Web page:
Self projection can have varied motivations. A month ago, Vikas, a middle-aged trader from Agra on holiday in Goa, paid a Dutch bikini-clad blonde on Calangute beach $20 to be photographed with him. With the sun low on the horizon, they stood in an embrace while his friend took a series of snaps. Vikas had another set of pictures taken with a brunette—this time with his shirt off. The same evening, he uploaded one of these on Facebook with the caption: ‘There is only one happiness in this life, to love and be loved’.

Shamikh, a 24-year-old medical student, has as his profile a nude photograph of himself when he was three years old. “I miss my lost innocence,” he simply says, “I prefer my past to my present.”

There are many others who prefer a single shot of themselves that they don’t want changed: like a stable passport identity. Ashutosh Varma, a senior executive at a multinational financial institution, has not changed his profile picture in years—a mug shot against brick-red background. Some people change their profile pictures on a daily basis. Occasionally, people have two Facebook accounts; one for family and friends, and another for colleagues and acquaintances. A PR executive operates his wife’s Facebook account. There are even a few who don’t care if someone else pretends to be them, online.

At the other end, among those who are careful about their social media presence is a professor at an open university who would rather not be named. She hates anyone putting her pictures online and being tagged without her permission. At social gatherings, she has a standard finger to wag if she happens to get photographed: “Don’t put it on Facebook!” She is known to jump out of her chair, gesticulating wildly, to make that point. If she’s in the company of “intellectuals and suave socialists”, she admits, she doesn’t mind being tagged online for others to recognise her.

Then there are people who have not uploaded any pictures of themselves at all; some use their real names, while many prefer to use pseudonyms. “Anonymity gives me the freedom to lead a life that is free of the demands of my current life situation,” says Ritesh Kumar, an environmentalist who hasn’t ever uploaded a picture of himself.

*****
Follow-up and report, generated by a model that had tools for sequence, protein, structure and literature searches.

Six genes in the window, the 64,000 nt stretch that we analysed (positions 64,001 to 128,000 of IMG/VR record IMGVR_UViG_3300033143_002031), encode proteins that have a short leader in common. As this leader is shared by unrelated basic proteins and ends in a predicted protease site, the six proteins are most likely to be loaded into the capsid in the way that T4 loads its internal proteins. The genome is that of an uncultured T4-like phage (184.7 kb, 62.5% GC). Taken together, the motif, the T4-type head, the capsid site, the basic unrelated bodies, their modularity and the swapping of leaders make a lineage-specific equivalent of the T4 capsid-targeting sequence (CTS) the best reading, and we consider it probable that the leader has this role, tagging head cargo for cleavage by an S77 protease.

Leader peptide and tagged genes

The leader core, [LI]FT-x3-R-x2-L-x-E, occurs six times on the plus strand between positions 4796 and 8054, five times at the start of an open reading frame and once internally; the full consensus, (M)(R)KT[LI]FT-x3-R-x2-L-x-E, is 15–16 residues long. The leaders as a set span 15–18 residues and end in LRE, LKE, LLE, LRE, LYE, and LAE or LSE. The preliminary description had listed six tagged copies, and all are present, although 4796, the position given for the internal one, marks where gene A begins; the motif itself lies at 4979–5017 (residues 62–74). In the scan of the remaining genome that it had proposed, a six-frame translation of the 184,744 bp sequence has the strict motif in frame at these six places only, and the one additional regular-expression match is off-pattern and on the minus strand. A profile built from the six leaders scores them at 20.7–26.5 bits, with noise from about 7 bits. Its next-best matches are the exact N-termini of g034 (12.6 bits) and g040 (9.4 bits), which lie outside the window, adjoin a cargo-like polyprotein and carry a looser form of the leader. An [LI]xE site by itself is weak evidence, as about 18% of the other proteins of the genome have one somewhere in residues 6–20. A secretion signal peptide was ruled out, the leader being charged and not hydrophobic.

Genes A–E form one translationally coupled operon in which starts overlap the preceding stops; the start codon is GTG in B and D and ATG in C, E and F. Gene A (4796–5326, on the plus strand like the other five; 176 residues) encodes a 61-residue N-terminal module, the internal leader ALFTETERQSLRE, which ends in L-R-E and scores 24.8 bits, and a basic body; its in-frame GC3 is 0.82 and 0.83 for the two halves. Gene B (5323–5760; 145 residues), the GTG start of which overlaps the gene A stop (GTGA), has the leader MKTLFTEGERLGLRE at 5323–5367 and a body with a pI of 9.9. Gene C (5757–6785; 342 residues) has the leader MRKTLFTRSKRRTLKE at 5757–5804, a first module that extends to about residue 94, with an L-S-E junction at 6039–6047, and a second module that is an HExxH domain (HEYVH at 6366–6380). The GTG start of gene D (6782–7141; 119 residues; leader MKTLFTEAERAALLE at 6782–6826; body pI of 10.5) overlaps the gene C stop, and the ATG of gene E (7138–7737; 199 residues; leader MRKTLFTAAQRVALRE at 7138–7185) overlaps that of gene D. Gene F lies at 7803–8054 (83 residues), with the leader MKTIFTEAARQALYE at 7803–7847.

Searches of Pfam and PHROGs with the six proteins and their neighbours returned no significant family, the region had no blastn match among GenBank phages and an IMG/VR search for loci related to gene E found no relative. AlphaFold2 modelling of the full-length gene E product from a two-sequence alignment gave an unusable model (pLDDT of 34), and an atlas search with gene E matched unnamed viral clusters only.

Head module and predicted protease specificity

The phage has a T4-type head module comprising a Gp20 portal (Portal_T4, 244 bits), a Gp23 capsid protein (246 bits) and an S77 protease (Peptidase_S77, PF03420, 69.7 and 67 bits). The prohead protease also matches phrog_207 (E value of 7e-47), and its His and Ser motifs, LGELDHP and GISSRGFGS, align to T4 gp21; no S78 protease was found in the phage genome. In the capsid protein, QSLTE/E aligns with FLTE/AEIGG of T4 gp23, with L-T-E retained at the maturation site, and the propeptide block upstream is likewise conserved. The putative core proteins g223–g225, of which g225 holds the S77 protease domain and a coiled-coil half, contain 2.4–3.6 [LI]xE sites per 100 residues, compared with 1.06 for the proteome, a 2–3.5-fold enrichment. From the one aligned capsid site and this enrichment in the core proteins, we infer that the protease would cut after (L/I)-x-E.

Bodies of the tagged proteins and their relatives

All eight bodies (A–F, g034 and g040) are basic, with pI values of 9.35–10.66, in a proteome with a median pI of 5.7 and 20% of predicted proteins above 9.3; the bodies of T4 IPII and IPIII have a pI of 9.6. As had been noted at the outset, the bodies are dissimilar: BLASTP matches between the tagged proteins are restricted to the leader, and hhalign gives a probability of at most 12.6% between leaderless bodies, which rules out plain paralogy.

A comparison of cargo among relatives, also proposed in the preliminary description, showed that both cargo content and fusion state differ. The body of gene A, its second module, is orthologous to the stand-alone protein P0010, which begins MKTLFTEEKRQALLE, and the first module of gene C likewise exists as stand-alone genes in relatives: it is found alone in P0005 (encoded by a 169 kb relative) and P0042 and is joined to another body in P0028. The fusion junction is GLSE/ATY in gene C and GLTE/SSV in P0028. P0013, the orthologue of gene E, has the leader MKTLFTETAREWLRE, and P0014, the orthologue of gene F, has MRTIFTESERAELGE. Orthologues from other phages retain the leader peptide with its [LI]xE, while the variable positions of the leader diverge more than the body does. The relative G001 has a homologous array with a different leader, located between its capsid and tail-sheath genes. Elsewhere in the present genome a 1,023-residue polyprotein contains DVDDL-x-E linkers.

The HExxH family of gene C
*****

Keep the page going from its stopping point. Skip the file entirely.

Omar, a 27-year-old software executive based in Bangalore, has chosen a blank profile picture for himself on Facebook. “My life is not for public consumption,” he explains, “[though] I don’t mind peeping into the lives of others if they don’t have a problem.” He concedes, however, that striking friendships on Facebook—despite his 300 ‘friends’—is that much harder without a face for people to put his words to. “Hardly anyone wants to be friends with ambiguity,” he observes, “People interact with people, not a phenomenon.”

Once put up, online photographs are almost impossible to expunge. Awadesh Kumar Srivastava was on election duty as a sector magistrate in Narendra Modi’s constituency of Varanasi during the recently held General Election. An audit officer with the Rural Engineering Department, Srivastava was the custodian of two standby electronic voting machines (EVMs). He took them home, opened the seal and examined them with his son Gaurav, a curious engineering student. The father-son duo then uploaded pictures of themselves with the EVMs on Facebook with the caption, ‘Ab ki baar, Modi Sarkar’. Within a day, those pictures went viral. Alarmed by this, the Aam Aadmi Party alerted the Election Commission and media. A criminal case was registered against both father and son; the former might end up in jail and lose his job.

When the virtual life collides with one’s real life, the outcome can be beyond the uploader’s control.